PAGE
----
Louis XIII and Anne had a second child, Philippe I, Duc d'Orléans, in 1640. Louis XIII, however, mistrusted his wife; he sought to prevent her from gaining influence over the realm after his death. Nevertheless, when Louis XIII died and the four-year-old Louis XIV ascended the throne on May 14, 1643, Anne became Regent. She entrusted all power to her chief minister, the Italian Cardinal Mazarin, whom most French political circles despised — in part as a non-Frenchman.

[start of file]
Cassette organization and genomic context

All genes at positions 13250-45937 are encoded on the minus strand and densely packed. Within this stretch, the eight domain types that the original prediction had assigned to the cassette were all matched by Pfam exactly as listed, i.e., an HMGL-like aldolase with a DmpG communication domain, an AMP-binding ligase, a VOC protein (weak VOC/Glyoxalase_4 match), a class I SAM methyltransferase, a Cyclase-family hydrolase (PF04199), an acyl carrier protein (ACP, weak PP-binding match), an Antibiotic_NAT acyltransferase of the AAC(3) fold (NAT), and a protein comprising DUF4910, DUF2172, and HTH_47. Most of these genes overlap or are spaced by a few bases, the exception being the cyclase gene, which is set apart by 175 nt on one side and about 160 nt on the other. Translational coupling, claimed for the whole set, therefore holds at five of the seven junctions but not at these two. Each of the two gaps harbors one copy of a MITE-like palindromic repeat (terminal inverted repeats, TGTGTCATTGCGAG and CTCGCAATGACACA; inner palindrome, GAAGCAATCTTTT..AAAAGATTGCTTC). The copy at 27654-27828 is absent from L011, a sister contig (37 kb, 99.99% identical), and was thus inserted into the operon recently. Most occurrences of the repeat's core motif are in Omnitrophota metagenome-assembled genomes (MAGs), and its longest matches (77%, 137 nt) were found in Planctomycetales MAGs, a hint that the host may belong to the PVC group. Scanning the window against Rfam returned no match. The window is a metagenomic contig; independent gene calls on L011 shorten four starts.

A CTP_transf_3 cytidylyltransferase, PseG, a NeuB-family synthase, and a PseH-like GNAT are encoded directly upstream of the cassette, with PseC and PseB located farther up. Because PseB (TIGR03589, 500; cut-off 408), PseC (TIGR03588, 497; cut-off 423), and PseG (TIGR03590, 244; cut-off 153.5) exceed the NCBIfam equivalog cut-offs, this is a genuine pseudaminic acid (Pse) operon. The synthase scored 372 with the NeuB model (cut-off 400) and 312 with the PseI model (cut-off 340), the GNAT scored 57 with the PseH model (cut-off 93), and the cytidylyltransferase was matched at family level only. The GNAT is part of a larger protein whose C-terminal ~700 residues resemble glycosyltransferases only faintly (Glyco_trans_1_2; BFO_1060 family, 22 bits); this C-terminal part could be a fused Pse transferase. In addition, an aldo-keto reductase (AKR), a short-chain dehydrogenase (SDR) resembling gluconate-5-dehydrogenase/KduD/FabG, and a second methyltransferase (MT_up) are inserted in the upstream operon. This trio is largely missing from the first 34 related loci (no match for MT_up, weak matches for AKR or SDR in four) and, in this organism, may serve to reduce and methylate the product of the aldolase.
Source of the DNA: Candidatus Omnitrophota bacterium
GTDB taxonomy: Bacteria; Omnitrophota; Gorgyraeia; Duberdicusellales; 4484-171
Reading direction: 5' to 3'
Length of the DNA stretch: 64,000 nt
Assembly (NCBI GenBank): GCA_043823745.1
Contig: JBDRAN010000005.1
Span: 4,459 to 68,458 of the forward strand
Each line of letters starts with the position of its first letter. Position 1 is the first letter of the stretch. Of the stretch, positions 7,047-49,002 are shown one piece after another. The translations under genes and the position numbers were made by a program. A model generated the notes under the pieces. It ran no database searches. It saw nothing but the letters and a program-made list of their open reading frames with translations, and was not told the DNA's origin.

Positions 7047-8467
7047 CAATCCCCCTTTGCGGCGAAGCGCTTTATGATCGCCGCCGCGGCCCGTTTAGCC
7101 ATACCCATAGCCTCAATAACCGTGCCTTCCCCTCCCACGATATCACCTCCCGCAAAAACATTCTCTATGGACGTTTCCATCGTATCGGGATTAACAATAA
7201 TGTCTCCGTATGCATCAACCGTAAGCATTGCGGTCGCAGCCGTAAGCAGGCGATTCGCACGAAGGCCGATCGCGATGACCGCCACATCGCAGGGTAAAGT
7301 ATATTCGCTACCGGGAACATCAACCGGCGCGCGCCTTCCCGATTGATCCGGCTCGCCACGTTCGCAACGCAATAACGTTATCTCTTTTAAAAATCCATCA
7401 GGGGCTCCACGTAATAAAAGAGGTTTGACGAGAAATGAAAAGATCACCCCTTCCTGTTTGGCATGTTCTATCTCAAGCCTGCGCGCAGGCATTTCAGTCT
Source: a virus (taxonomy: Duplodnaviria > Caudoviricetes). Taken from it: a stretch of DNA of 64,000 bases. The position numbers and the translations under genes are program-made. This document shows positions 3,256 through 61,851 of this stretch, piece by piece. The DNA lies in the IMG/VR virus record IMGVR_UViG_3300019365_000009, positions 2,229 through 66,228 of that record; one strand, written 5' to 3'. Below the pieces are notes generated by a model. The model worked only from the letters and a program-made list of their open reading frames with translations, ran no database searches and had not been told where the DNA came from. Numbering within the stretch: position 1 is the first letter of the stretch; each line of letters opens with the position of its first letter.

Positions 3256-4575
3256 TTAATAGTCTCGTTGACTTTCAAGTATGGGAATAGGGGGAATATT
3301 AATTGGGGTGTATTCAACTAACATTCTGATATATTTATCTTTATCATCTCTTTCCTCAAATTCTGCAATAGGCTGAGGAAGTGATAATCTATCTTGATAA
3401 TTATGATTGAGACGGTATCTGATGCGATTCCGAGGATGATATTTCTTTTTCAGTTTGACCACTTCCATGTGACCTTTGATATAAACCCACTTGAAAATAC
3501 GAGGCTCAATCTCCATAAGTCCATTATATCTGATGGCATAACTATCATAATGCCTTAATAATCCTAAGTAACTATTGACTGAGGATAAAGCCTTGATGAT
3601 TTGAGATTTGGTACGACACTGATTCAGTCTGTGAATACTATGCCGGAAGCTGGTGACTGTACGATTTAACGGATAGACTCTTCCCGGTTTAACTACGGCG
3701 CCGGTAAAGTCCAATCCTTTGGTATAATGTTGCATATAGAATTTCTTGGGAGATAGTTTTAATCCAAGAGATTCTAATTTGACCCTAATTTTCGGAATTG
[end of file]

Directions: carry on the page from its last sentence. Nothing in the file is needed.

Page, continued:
At the same time as the Thirty Years' War ended in 1648, a French civil war, known as the Fronde, began. Cardinal Mazarin continued the centralization policies of his predecessor, Armand Cardinal Richelieu. He attempted to augment the power of the Crown at the expense of the nobility. In 1648, he levied a tax on the members of the Parlement, a court whose judges comprised mostly nobles or high clergymen. The members of the Parlement not only refused to pay, but also pronounced all of Cardinal Mazarin's earlier financial edicts void. When Cardinal Mazarin arrested the members of the Parlement, Paris broke into rioting and insurrection. Louis and his courtiers had to flee from the city. Shortly thereafter, the signing of the Peace of Westphalia released the French army under Louis II de Bourbon, Prince de Condé to return to the aid of Louis and of his royal court. By January 1649, the Prince de Condé had started besieging Paris; the subsequent Peace of Rueil temporarily ended the conflict.